04 Nov - 06 Nov 2014 Kathmandu

The Double Bipolar City (II) …
Matt: Joining once more both Buddhist pilgrims and especially Hindu devotees, meeting more innocent travellers in Thamel's backpacker Disneyland and even more clever locals in Kathmandu's dusty suburbs and taking some r&r from my previous independent multi-day trek through the mighty Himalayas.




 “Don't cry because it's over, smile because it happened.” 

Matt: Changing from a filthy mountain vagabond back into a spick and span city slicker: (i) laundering a 3-kg load of dirty linen for NPR 50.- or US$ 0.50 per kg (washed and dried, but you get what you pay for) at one of the many nondescript tourist laundries in Thamel and (ii) visiting a genial Indian barber opposite my hotel (crew cut, clean shave and relaxing head-and-shoulder massage for overpriced NPR 250.- or US$ 2.50, souvenir photos included).















Matt: Visiting Kathmandu's most important Hindu sanctuary, the Sri Pashupatinath Temple (easily avertible admission: NPR 1,000.- or US$ 10.- per foreign non-believer), located on the banks of the holy Bagmati River, surrounded by a bustling market of religious stalls selling fresh marigolds, yummy offerings aka lekker prasad, befogging incense sticks, high-energy rudraksha beads, cartoon-like pictures of Hindu deities, colourful tilaka powder, dildo-shaped glass lingams and other essential spiritual paraphernalia, thus taking a local minibus from Ratnapark Bus Stop to Gaushala (c. 3 km. ¼ hour, NPR 18.- per person), catching tantalising glimpses of Nandi, Shiva's thaumaturgical bull, and exploring the open-air cremation ghats along the polluted Bagmati River.















Matt: Meeting scores of posing sadhus, affable and holy enough multitaskers (ascetics, beggars, comedians, philosophers, charlatans, yogis and businessmen) who wander around Kathmandu in their orange outfits, sometimes even half-naked and smeared in dust with their long hair matted, and discussing together with them a few topics of mutual interest, such as (i) the working principles of a turbocharged diesel engine, (ii) the environmental benefits of source-segregated recycling, and (iii) the non-sectarian spiritual setting of Waldorf-inspired home schooling.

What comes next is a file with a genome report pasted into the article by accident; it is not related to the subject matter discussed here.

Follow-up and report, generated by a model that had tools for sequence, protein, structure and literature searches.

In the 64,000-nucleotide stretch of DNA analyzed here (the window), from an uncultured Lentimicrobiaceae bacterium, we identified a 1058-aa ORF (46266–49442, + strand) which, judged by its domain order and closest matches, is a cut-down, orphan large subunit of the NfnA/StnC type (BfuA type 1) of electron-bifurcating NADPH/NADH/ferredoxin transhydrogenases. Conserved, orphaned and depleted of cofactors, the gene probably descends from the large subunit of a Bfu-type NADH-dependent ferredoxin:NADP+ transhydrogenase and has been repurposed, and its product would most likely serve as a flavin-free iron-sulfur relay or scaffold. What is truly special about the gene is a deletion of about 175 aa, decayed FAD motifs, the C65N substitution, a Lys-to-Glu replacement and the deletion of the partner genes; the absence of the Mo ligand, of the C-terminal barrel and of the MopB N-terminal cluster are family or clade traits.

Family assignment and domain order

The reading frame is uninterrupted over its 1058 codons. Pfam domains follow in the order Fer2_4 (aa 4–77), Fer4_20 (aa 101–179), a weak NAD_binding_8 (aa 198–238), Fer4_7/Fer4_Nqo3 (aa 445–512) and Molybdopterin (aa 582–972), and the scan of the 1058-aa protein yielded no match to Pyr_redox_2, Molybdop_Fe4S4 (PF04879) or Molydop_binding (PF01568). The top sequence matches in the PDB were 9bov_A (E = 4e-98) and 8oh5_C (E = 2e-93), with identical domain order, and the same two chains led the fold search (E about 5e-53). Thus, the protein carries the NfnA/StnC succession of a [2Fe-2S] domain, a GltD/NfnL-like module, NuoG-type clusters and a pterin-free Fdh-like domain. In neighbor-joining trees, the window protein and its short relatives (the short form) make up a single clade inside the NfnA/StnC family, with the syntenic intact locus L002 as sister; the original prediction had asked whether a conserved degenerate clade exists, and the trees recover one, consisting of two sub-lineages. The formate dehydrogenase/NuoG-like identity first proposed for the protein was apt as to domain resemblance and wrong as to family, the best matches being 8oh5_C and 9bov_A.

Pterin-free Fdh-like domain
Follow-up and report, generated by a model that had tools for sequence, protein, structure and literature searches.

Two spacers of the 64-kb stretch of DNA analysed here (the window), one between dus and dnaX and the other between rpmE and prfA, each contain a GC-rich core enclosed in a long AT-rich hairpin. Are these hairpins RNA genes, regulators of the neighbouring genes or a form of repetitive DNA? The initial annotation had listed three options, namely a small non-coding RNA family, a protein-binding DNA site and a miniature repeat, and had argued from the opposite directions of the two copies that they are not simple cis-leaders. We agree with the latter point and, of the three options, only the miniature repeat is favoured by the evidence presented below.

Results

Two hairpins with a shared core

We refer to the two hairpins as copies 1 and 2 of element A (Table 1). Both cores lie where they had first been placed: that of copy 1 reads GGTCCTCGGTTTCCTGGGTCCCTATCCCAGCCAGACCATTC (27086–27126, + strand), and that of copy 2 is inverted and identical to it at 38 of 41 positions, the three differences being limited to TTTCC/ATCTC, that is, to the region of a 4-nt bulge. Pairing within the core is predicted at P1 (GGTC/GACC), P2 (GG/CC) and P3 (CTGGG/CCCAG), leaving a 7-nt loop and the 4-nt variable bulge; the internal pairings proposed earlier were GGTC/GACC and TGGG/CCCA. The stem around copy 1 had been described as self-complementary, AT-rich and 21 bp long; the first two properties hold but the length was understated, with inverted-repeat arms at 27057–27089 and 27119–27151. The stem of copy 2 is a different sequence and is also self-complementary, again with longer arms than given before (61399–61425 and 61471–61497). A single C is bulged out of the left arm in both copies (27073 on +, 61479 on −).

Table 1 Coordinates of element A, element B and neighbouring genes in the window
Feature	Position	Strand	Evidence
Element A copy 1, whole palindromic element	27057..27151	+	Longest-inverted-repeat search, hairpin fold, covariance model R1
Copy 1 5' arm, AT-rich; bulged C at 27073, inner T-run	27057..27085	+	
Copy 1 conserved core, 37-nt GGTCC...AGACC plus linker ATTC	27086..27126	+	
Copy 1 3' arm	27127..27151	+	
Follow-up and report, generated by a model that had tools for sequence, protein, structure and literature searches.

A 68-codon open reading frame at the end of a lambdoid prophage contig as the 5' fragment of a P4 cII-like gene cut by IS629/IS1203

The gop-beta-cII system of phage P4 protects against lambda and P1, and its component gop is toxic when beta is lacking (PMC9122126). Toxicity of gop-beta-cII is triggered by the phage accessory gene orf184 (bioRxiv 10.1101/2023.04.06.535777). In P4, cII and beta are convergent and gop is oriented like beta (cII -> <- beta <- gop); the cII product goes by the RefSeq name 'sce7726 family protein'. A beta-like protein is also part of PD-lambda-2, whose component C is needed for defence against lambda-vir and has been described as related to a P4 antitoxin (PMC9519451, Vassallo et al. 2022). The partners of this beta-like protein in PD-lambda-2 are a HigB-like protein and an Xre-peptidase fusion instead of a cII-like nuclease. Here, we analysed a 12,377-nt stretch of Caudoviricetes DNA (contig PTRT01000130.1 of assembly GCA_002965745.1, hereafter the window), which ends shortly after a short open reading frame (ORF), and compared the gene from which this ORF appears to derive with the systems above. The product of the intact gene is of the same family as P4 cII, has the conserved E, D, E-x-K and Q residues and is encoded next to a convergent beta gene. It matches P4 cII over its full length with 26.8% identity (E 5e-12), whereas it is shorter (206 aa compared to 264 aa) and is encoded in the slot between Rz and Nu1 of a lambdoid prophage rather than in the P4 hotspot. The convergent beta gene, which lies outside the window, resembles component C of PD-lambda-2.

Matt: Taking a local bus, driven by a maniac, from the Bag Bazar Bus Stop to ancient Bhaktapur (15 km, 1 hour, NPR 25.- per person) thus passing Kathmandu's dusty and dirty outskirts which are full of (i) hundreds of brand-new but badly maintained small banks which distribute valueless money, (ii) hundreds of brand-new but badly maintained small colleges which distribute meaningless knowledge and (iii) hundreds of brand-new but badly maintained small hospitals which distribute ineffective treatment.















For Raoni, Tien and Ronja: 
Beim Reisen treffe ich sehr viele Leute, unterhalte mich gern lange mit ihnen und nehme beim Zuhoeren beides wahr, die sprachlichen Gemeinsamkeiten zwischen uns und natuerlich auch die Unterschiede. Bei den Unterschieden ist mir hier in Asien besonders aufgefallen, dass manche Menschen, vor allem im Dunstkreis der vielen Tempel, lieber sprachliche Verallgemeinerungen (fluffy nominalisations and generalisations) benutzen (wie z.B. "der heilige Gott", "der ewige Glaube", "die persoenliche Selbstfindung") und andere wiederum, beispielsweise auf Maerkten und in Kneipen, eher konkret und sinnesbezogen reden, also sichtbare, hoerbare und begreifbare Beschreibungen (specific criteria: visible, hearable, palpable) benutzen (wie z.B. "ein kaltes Bier", "ein dreckiger Bus", "ein hoher Berggipfel"). Mein Leben ist immer konkret. - Was habt Ihr Euch fuer heute vorgenommen?
From Nepal, with Love!
 

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